By Thai Newsroom Reporters
THE PALANG PRACHARATH will be the most likely party to join a Pheu Thai-led coalition government after the May 14 general election, predicted a noted academic today (May 3).
Thanaporn Sriyakul, head of Kasetsart University’s Political Science Association, forecast that the Pheu Thai, of which deposed prime minister Thaksin Shinawatra is invariably viewed as de facto party boss, will likely get most MPs out of a total of 500 in the nationwide election, thus becoming core of government with the Palang Pracharath, headed by Prawit Wongsuwan, being brought into the Pheu Thai-led coalition.
Prawit could be very helpful with the naming of Thaksin’s daughter Paetongtarn Shinawatra as Pheu Thai partisan candidate for prime minister, purportedly given the Palang Pracharath leader’s personal influences over many of the 250 senators, all of whom caretaker prime minister Prayut Chan-o-cha and he himself had handpicked following the 2014 coup orchestrated by the then-army chief Prayut.
The campaign pledges repeatedly made by Pheu Thai candidates for prime minister, namely Settha Taweesin and Paetongtarn, to never hand out the premiership to Prawit is one thing, but whether the Palang Pracharath will eventually join the Pheu Thai-led coalition is entirely another, according to the Kasetsart political scientist.
“Chonlanan (Srikaew) has already offered himself as a scapegoat by calling it quits as Pheu Thai leader to take responsibility for the event in which the Palang Pracharath may finally join the Pheu Thai-led coalition government,” Thanaporn said.
Thanaporn forecast that the Pheu Thai will get an estimated 210 MPs in both constituency-based and party-listed modes in the May 14 election, thus failing to achieve the much-heralded landslide victory with as many as 300-plus MPs earlier predicted by Thaksin.
Though the Move Forward will not be included in the Pheu Thai-led coalition government for some specific reasons, thus becoming part of a future opposition bloc at parliament, all Move Forward MPs will likely cast yea votes for the naming of Paetongtarn as prime minister to outvote the 250 unelected senators, none of whom is speculated to ever vote for Thaksin’s daughter and most are expected to abstain from voting at all, according to the Kasetsart academic.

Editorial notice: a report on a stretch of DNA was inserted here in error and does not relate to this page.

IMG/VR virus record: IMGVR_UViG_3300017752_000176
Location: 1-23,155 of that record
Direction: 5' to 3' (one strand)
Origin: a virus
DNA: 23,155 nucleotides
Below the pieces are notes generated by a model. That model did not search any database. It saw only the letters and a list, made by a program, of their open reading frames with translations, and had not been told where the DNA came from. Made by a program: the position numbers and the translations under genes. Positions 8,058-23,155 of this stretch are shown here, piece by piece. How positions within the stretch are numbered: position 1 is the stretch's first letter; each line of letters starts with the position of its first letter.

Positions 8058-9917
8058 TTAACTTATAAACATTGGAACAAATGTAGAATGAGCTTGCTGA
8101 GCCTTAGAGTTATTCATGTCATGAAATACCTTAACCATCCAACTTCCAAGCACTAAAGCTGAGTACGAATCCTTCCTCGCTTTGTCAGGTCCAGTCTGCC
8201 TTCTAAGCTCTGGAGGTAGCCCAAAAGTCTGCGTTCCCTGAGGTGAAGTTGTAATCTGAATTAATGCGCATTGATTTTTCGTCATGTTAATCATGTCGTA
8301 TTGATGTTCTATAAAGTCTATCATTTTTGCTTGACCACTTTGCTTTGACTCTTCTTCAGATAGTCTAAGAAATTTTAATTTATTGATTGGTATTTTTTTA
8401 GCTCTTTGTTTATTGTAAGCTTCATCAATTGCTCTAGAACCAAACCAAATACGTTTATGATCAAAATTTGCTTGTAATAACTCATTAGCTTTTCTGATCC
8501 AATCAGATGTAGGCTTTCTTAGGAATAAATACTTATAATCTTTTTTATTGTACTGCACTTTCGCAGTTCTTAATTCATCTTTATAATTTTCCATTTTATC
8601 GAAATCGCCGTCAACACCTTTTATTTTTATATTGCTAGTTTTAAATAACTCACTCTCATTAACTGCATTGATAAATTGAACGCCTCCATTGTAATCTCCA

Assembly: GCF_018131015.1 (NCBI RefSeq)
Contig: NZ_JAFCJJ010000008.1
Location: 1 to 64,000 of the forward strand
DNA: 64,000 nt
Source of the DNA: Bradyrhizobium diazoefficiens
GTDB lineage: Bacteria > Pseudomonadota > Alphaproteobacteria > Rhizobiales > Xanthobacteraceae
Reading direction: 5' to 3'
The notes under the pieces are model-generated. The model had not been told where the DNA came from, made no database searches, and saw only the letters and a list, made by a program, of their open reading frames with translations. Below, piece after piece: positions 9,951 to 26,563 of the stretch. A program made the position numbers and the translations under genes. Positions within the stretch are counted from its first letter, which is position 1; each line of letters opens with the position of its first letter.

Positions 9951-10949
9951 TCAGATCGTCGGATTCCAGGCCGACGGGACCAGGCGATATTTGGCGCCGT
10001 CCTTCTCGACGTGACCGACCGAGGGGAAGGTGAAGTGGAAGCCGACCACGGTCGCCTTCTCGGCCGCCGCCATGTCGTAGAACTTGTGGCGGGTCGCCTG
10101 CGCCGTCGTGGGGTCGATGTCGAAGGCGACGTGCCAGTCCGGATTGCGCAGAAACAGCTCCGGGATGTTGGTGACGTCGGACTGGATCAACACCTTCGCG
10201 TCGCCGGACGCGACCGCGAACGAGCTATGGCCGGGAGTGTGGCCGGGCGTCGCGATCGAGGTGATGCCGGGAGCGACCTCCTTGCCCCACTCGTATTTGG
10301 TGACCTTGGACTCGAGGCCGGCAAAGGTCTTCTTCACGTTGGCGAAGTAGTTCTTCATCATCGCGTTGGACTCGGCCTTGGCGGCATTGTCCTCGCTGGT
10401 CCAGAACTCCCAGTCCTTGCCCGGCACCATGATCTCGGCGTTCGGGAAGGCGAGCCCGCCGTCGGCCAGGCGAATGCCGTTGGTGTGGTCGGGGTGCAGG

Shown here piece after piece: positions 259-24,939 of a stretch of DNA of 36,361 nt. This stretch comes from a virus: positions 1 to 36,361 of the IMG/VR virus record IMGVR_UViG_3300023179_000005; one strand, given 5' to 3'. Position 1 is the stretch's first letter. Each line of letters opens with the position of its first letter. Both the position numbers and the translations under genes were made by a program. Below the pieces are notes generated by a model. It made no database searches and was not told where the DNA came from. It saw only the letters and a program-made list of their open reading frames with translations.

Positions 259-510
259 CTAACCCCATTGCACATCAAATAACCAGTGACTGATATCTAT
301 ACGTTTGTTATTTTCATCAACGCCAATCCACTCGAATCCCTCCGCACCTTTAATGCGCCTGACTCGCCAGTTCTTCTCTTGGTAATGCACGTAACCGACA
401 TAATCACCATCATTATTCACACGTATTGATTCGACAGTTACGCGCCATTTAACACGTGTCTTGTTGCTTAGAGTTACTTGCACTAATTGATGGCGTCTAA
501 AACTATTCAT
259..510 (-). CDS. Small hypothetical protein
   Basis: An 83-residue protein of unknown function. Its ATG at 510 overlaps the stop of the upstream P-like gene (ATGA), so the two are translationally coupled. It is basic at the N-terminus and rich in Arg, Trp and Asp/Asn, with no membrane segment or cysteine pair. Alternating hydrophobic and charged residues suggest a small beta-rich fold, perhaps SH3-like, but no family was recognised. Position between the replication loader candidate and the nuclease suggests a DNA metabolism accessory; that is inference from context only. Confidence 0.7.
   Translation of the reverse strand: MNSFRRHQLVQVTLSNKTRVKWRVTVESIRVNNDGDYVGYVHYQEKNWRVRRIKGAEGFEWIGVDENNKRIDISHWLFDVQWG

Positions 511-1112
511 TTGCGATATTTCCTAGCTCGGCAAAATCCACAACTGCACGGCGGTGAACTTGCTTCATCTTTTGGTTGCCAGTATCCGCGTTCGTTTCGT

A partisan contestant for prime minister is legally obliged to secure yea votes from more than half the total of MPs and senators combined or at least 376 votes to be successfully named one.
The coup junta-designed constitution empowers the unelected senators to vote for prime minister alongside the elected MPs.
No matter how many MPs the Move Forward could possibly get from the May 14 election, the liberal party will certainly not join ranks with the military camps, namely the Ruam Thai Sang Chart and Palang Pracharath, according to Move Forward leader Pita Limjaroenrat.
In the meantime, it remains to be seen whether the Bhumjaithai under guidance of de facto party boss Newin Chidchob will be brought into the Pheu Thai-led coalition.
Nevertheless, Thanaporn remarked that Prayut could possibly come up with a pre-emptive ploy against the Pheu Thai by manipulating a minimum bloc of 126 MPs in addition to the 250 senators to barely make a total of 376 votes to endorse him as Ruam Thai Sang Chart candidate for prime minister.
The ultra-conservative party is expected to get some 30 MPs from the general election and that number will be enough to support the naming of Prayut as candidate for prime minister, the Kasetsart political scientist said.
A contesting party is legally obliged to have a minimum of one-fifth of all MPs or at least 25 lawmakers to name a partisan candidate for head of a post-election government.
For that reason, Prayut will not only need yea votes from Bhumjaithai and Democrat MPs but from Palang Pracharath MPs though Prawit himself is looking to take the helm of government as well, Thanaporn said.
Though a prolonged Prayut rule might possibly exist as a minority government, they could possibly be strengthened with concrete support from a number of “renegade” Pheu Thai MPs and others against their own party resolutions, according to the academic.
Top: A composite photo of Palang Pracharath leader Prawit Wongsuwan, rear, Pheu Thai candidate for prime minister Paetongtarn Shinawatra, left, and Move Forward leader Pita Limjaroenrat, right. Credit: Matichon
First insert: Kasetsart University academic Thanaporn Sriyakul. Photo: Thai Post
Second insert: Caretaker prime minister Prayut Chan-o-cha. Photo: Thai Rath
Front Page: Pheu Thai candidate for prime minister Paetongtarn Shinawatra. Photo: Thai Rath
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